She adds: "The journalist claimed to have resided in the Caribbean for years. Well, if he did he would know that St. Croix is an island paradise filled with beauty. Like every other location, there are ups and downs and the economy may have problems at times."

"Problems at times?"

Government inaction

Go to Christiansted and see the empty downtown. Go to the airport, look at all the planes that aren't there. Go to the cruise ship complex - tell me how many cruise ships you see? You know why they left? Because their passengers and crew kept getting robbed and beaten and the government refused to do anything about it.

The intention of the story was not to break bad on a region or a people for the fun of it. The Caribbean is home to many wonderful islands and people, some of whom remain close friends of mine. The intention was to point out that golfers traveling to the Caribbean may not get all the information they need from marketers and public relations people. There are problems Caribbean golfers need to be aware of.

But, we'll let Dana have the last word. Almost.

"Despite it all, St. Croix will continue to shine so please direct your comments elsewhere. This article is an excellent example of bad journalism."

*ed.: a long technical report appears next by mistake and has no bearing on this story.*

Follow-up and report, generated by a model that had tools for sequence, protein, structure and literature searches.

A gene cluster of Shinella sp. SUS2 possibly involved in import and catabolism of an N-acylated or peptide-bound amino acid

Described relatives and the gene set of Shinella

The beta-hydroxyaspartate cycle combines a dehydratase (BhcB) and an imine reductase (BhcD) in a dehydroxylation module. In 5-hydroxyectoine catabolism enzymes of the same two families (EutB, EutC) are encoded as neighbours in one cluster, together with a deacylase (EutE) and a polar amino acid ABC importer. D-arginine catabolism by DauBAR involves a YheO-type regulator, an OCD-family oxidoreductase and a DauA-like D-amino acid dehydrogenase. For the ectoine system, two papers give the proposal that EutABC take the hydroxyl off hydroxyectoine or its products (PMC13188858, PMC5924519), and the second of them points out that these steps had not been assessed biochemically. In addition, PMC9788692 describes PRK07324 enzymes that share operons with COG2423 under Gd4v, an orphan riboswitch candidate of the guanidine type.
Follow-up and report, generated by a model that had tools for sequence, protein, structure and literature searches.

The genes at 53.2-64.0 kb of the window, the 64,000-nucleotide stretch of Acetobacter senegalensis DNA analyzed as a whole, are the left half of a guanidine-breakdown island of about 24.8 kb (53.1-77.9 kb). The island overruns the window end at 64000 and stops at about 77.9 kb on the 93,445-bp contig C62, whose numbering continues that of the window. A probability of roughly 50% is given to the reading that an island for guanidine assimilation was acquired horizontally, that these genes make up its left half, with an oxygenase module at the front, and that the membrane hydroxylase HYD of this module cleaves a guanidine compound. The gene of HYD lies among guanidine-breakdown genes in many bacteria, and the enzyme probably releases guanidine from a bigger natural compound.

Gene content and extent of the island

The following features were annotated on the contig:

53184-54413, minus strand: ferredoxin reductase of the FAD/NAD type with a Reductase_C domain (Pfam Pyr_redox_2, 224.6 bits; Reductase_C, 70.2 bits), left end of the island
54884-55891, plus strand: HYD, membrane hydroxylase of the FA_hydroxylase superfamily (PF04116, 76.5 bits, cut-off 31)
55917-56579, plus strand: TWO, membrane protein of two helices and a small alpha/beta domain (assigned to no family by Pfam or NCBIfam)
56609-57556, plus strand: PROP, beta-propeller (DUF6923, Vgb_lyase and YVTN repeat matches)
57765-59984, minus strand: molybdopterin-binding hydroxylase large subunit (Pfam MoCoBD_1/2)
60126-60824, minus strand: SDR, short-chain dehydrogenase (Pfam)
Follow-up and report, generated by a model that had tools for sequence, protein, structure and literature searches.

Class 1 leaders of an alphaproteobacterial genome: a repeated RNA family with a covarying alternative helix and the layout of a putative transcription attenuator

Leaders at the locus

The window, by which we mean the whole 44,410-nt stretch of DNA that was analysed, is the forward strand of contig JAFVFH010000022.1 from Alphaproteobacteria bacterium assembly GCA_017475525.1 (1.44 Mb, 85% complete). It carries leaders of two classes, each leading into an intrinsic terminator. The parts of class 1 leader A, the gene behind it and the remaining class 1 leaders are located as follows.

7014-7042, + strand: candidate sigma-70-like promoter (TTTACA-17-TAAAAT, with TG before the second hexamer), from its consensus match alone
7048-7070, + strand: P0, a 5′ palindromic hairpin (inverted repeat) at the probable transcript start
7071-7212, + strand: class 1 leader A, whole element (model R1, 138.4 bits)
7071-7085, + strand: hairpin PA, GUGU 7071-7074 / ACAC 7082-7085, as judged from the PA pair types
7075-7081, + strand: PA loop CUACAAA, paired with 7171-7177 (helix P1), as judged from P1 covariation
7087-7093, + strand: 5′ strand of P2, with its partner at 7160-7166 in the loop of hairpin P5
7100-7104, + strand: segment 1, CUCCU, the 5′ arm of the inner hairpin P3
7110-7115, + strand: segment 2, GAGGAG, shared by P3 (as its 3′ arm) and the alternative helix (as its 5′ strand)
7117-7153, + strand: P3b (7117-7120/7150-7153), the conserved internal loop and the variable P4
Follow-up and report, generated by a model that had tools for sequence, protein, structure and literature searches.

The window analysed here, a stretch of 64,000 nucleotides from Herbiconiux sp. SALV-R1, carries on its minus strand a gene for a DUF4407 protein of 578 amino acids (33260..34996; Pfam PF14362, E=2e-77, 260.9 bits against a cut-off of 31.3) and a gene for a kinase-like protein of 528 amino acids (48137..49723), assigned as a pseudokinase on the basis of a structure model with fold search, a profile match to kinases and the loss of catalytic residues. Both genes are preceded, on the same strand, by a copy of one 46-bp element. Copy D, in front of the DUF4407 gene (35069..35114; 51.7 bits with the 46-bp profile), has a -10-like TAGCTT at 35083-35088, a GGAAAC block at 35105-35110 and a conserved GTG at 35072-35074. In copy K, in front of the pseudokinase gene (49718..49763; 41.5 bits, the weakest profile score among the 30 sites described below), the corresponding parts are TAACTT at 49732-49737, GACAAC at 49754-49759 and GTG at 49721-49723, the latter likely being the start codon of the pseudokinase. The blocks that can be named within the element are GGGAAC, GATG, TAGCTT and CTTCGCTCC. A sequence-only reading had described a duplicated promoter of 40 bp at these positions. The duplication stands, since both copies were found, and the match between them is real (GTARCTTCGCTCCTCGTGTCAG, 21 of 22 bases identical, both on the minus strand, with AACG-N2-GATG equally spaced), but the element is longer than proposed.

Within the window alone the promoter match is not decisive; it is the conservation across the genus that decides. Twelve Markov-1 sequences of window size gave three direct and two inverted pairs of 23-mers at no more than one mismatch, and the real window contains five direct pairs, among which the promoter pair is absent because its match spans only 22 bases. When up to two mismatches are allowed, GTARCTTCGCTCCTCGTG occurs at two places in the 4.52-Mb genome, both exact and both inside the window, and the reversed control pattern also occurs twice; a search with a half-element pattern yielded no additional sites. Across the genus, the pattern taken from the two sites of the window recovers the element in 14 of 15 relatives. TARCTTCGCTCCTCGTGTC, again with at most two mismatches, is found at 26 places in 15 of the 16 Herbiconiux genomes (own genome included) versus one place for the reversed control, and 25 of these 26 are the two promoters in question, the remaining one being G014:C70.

I guess that's better than being a bad example of excellent journalism.

Tim McDonaldTim McDonald, Contributor

Veteran golf writer Tim McDonald keeps one eye on the PGA Tour and another watching golf vacation hotspots and letting travelers in on the best place to vacation.

Reader Comments / Reviews Leave a comment
  • Why?

    Lorena Jortiz wrote on: Mar 26, 2007

    I admire that you stand behind your column - I do. I also happen to agree with much of what you said. So, why the defensiveness? Why the sarcasm in your responses to those to wrote to disagree? You should be in a confident place where you can simply agree to disagree with the commentaries. Instead you come across as a petulant child that must always win - and when he doesn't win, he doesn't lose either; he's at the very least even.


    • RE: Why?

      Tim McDonald wrote on: Jan 8, 2012

      Because sarcasm, when wielded by an artist such as myself, is funny.


  • Tim McDonald & St. Croix

    Jeanne Johnston wrote on: Jan 3, 2007

    As a twelve year resident of St. Croix, I would like to point out some truths that Mr. McDonald has failed to mention.
    First, the cruise ships left St. Croix ostensibly due to crime. The truth is that the crime was certainly no higher than they experienced at any other Caribbean port, and probably less than at many. The pull-out was in part retaliatory, as the VI government refused to make some concessions that the cruise ships wanted in St. Thomas, another of the US Virgin Islands. But the bottom line really was that St. Croix, which is a lovely island that isn't as laid back as St. John or some of the BVI, but is also no where near as commercial as islands like St. Thomas and St. Maarten, two popular cruise ship destinations, did not have sufficient on-shore activities to accommodate the large population carried on a ship. Since cruise ships make a ridiculous amount of money "organizing" on-shore excursions for their passengers, St. Croix was not as financially attractive a destination for the cruise ship lines as some other islands. The "crime problem" was the cruise ship lines' excuse for making a decision that improved their bottom line without looking greedy.